Poverty reduction among China’s greatest successes, Graham Allison says

Source:Global Times Published: 2019/4/29 16:16:22


Graham Allison Photo: Courtesy of Graham Allison



Illustration: Luo Xuan/GT


 

Editor's Note:

There have been several rounds of China-US trade talks since a trade truce was declared late last year by the leaders of the two countries at the G20 meeting in Argentina, and there are signs of progress toward a trade deal between the world's two largest economies. With that in mind, how should one understand China-US relations? In a recent interview with the Global Times (GT) by email, Graham Allison (Allison), Douglas Dillon Professor of Government at Harvard University, known for coining the catchphrase "Thucydides Trap" - the dangerous dynamic that occurs when a rising power threatens to displace a ruling power - shared his thoughts on China-US ties.

GT: The US has announced the postponement of the March 1 deadline to increase tariffs on Chinese products. Does this mean the odds of a great deal have risen dramatically?

Allison: New York Yankees legendary catcher Yogi Berra cautioned against making predictions - "especially about the future." Nonetheless, if placing my bet today, I make the odds that China allows the US to claim a "great deal" as more likely than not.

The Chinese have studied the US side's successful negotiation of the new North American Free Trade Agreement, or NAFTA, last year. They see the differences between the old NAFTA and the new agreement as plus or minus 10 to 15 percent. If all it takes to transform what US President Donald Trump called the "worst trade deal ever made" into a "great deal" is to allow Trump to make it so, then China will be happy to play along.

GT: The strong US economy Trump has had on his side since 2017 seems to have lost steam recently, as indicated by the jobs shock in February. Will this, in addition to Trump's hypersensitivity to the US stock market, which has fared much worse than the Chinese mainland stock market since February, lead to a big change in the Trump administration's China policy?

Allison: On the larger geopolitical chessboard, the tariff conflict is relatively small potatoes. The terms on which it is settled, or postponed, will not significantly affect the trajectory of the Thucydidean rivalry between a rising China and a ruling US. Even if China were to concede on every item on the Trump team's wish list, China's economy will likely continue growing at more than twice the rate of the US. The consequences of an agreement (or postponement) for US markets and the president's political prospects are another matter.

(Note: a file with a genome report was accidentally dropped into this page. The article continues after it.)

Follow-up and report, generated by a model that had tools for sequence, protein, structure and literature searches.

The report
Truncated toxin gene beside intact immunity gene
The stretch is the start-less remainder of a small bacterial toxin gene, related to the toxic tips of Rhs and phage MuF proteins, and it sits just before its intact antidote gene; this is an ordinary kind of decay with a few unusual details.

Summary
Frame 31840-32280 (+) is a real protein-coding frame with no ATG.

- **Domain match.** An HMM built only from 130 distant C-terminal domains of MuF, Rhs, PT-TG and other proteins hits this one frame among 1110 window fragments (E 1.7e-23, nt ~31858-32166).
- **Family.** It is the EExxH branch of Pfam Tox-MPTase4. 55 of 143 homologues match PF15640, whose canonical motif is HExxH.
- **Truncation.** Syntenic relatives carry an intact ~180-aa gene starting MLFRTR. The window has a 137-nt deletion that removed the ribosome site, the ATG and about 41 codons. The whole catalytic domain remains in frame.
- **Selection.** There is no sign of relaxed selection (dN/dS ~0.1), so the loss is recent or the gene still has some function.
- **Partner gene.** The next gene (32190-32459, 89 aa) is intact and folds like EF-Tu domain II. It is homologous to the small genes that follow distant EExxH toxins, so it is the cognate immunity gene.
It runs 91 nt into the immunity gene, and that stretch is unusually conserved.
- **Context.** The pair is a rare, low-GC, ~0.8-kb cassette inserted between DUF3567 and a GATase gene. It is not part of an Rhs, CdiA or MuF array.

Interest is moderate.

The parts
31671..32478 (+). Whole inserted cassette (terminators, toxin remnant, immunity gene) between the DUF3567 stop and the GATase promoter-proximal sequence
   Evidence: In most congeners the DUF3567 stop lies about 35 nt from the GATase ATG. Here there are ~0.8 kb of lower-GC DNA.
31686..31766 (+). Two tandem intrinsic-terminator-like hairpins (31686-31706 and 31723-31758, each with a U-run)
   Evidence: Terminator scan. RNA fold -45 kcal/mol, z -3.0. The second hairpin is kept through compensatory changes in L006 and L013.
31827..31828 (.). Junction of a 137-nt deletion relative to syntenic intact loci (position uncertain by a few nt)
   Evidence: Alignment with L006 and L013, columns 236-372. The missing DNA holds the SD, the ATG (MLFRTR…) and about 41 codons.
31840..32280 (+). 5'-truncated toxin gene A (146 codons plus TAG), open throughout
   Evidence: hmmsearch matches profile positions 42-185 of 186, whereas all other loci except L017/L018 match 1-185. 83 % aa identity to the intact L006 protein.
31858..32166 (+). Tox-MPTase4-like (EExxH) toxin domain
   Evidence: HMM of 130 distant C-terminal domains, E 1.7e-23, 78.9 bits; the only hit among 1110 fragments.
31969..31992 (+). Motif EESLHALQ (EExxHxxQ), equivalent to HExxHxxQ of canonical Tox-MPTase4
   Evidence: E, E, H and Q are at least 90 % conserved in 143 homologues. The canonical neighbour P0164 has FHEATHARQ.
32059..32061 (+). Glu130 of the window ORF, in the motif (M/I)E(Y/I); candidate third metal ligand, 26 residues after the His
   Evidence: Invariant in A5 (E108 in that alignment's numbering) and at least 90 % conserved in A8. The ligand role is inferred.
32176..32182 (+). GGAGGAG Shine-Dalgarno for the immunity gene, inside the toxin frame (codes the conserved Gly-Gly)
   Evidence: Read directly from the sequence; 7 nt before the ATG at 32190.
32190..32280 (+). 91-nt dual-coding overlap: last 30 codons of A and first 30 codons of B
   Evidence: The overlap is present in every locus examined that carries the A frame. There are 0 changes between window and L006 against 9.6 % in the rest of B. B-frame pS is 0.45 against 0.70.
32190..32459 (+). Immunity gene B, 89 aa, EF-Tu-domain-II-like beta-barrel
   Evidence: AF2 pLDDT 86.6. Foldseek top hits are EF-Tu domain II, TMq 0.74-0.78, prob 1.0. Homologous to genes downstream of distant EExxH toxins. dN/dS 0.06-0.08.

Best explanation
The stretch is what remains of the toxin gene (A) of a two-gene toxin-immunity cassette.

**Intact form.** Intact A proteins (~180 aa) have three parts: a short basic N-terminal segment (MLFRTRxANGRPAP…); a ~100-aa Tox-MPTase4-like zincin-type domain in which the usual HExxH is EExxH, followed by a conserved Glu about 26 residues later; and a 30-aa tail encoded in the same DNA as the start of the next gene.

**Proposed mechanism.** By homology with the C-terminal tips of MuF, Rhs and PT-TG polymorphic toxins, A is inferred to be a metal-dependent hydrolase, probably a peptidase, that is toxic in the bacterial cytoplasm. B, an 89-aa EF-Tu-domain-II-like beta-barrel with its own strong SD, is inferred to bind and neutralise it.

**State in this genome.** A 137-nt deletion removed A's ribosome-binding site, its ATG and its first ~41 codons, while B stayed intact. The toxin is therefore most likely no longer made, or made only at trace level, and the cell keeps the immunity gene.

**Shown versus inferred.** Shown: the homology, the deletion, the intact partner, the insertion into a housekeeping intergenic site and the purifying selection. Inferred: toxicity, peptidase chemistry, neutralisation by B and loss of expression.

GT: What do you think the chances are of a "technology cold war" freezing over China and the US? Will the world be divided into two technology spheres of influence, and how could China and the US prevent this technology cold war?

Allison: I argue in my book Destined for War: Can America and China Escape Thucydides's Trap? that when there is a fundamental shift in the underlying balance of power, alarm bells should sound: extreme danger ahead. As more Americans view China as a threat to US security, that lens colors every dimension of the relationship - including scientific cooperation. When the Department of Energy banned its scientists from participating in China's talent-recruitment programs, what did the Deputy Energy Secretary say? "This action's being taken to protect US national security interests and scientific integrity. You're either going to work for us or work for them."

GT: This year marks the 70th anniversary of the People's Republic of China. How successful do you think the 70-year-old PRC was overall and in what ways do you reckon the nation is successful?

Allison: Poverty reduction is among China's greatest successes. In 1978, nine in every 10 people in China - with a population of 1 billion then - were scrambling for a living below the "extreme poverty line" at just under $2 per day as set by the World Bank. Today, that's been flipped on its head. As a consequence, almost all of the more than 1.4 billion people in China have doubled their calorie intake, a far cry from what they would have experienced for most of their life - staying hungry. 

It could be argued that 40 years of stellar growth have resulted in a greater increase in human well-being for more individuals than seen in the previous 4,000 plus years of China's history.


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